Today I am gonna compare USB and Thunderbolt. I am comparing which I think is the better one. Which is gonna be the long-term contender. I go over the differences between the two and the advantages of both. That’s what this article gonna be about.
Comparisons Between USB And Thunderbolt
Now about USB, I don’t think I have to explain. I have pretty sure everyone’s familiar with it. It’s a data transfer interface. And then Thunderbolt is also used for data transfer. But it’s basically a combination of PCI Express and DisplayPort. So in addition to connecting computer peripherals and hardware. You can also connect displays to it.
Now USB 3.1 is the latest iteration of USB. Although it isn’t that common yet in 2016 we’re probably gonna see it become more common and more devices. Basically, USB 3.1 supports up to 10 gigabits per second of data transfer. Also, in USB 3.1 is support for the new USB Type-C connector. This is a reversible connector on like any of the other USB connectors. And then also for Type-C, it supports up to 100 watts of power. So you can run a lot bigger devices of it.
Now Thunderbolt 3 is the next version of Thunderbolt. And it supports up to 40 gigabits per second of data transfer. This is double the previous version Thunderbolt 2, which was 20 gigabits per second. So even Thunderbolt 2 was faster than USB 3.1. And the cool thing about thunderbolt is that you can actually daisy chain devices together. So with one port you can actually connect up to six different devices throw one Thunderbolt input into the computer. And interestingly the Thunderbolt 3 connector is going to be the USB Type-C connector. So how does that work?
Well, Thunderbolt 2 actually used a DisplayPort connector. But Thunderbolt 3 one still be more universal. So they’re actually using the USB Type-C connector and it’s going to be compatible with USB 3.1 devices. So with a Thunderbolt 3 cable interface, you basically get three in one.
- You have the DisplayPort for driving monitors.
- You have USB if it’s just a USB device.
- And then you also have the PCI Express for the maximum 40 gigabits per second data transfer, if that device supports it.
So you might be thinking that Thunderbolt right now appears to be better in every single way. And really if you just look at the technology it pretty much is. But there’s one drawback and that is that it’s proprietary. If a company wants to make a device that supports Thunderbolt, they have to pay a royalty fee or licensing fee to Apple every time they want to use it. So if they want to make a product it’s going to be more expensive to make and, therefore, more expensive for the consumer.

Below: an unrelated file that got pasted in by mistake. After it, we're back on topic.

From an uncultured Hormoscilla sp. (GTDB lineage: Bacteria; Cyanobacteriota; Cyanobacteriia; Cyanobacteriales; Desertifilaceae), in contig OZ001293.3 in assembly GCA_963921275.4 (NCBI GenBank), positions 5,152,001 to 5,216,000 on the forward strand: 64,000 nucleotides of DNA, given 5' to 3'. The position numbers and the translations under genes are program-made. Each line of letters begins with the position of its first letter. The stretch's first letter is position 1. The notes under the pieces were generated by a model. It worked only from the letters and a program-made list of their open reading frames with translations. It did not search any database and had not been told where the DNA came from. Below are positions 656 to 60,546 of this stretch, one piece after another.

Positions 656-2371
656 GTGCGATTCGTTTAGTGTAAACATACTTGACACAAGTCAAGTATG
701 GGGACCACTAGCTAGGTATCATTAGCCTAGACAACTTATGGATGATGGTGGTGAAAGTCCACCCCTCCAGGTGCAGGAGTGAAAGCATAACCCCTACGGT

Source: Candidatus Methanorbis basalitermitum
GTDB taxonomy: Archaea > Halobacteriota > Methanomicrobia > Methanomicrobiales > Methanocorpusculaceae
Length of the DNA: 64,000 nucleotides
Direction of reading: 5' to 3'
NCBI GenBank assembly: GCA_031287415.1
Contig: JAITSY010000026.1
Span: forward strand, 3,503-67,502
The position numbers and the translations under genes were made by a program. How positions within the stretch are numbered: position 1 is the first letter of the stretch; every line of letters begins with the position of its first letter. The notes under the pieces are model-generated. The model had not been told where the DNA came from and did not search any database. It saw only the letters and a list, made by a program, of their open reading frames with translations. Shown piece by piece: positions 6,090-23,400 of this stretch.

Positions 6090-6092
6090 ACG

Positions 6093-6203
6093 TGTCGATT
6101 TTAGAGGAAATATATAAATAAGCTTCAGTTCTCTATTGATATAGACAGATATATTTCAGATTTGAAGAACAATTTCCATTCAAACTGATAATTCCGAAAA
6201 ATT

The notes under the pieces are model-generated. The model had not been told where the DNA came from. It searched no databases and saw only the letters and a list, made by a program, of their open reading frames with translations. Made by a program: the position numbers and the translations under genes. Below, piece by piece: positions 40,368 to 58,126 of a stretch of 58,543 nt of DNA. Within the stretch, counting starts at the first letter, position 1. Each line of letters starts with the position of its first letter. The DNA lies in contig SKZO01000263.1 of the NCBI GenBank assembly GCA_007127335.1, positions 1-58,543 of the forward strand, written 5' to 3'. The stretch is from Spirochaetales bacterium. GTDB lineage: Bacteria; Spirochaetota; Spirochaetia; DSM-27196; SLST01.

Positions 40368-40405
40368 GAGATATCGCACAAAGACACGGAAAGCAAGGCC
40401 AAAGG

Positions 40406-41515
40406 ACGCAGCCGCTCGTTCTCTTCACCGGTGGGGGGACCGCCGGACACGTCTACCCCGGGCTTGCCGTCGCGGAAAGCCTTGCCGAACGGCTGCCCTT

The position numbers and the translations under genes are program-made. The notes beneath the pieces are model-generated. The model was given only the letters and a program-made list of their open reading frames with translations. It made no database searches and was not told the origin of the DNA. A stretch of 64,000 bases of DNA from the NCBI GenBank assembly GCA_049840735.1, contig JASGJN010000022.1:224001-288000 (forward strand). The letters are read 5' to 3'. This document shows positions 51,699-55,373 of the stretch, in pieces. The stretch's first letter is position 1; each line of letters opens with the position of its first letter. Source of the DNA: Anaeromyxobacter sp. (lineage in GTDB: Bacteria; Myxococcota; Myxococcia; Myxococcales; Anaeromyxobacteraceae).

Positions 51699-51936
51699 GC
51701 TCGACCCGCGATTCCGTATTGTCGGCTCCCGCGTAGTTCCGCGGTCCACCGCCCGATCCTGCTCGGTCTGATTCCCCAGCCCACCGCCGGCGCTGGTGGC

My Thoughts Between USB And Thunderbolt
Now USB also has a licensing fee but it’s very small and pretty much just nominal. You also have to consider that most devices consumer devices like phones are never going to need 40 gigabits per second. So why would a company spend the extra licensing fee on a Thunderbolt interface, if it’s not required if it’s never going to be used.
I think the Thunderbolt will have a place. But in most cases USB is gonna be good enough and it’s also much cheaper and also backward compatible with other USB. So it’s really universal. I think the Thunderbolt is mostly just gonna be used for professional applications and instances where you really need that kind of speed. But in most cases I’m pretty sure that USB is going to still reign as the universal connector.
So those are just my thoughts and comparisons between the two. As you can probably imagine both of them are very good interfaces. And Thunderbolt does have that huge advantage with speed. But USB is just so ubiquitous right now. I’m curious what you guys think so I look forward to hearing from you in the comments section. And if you like this article be sure to share it.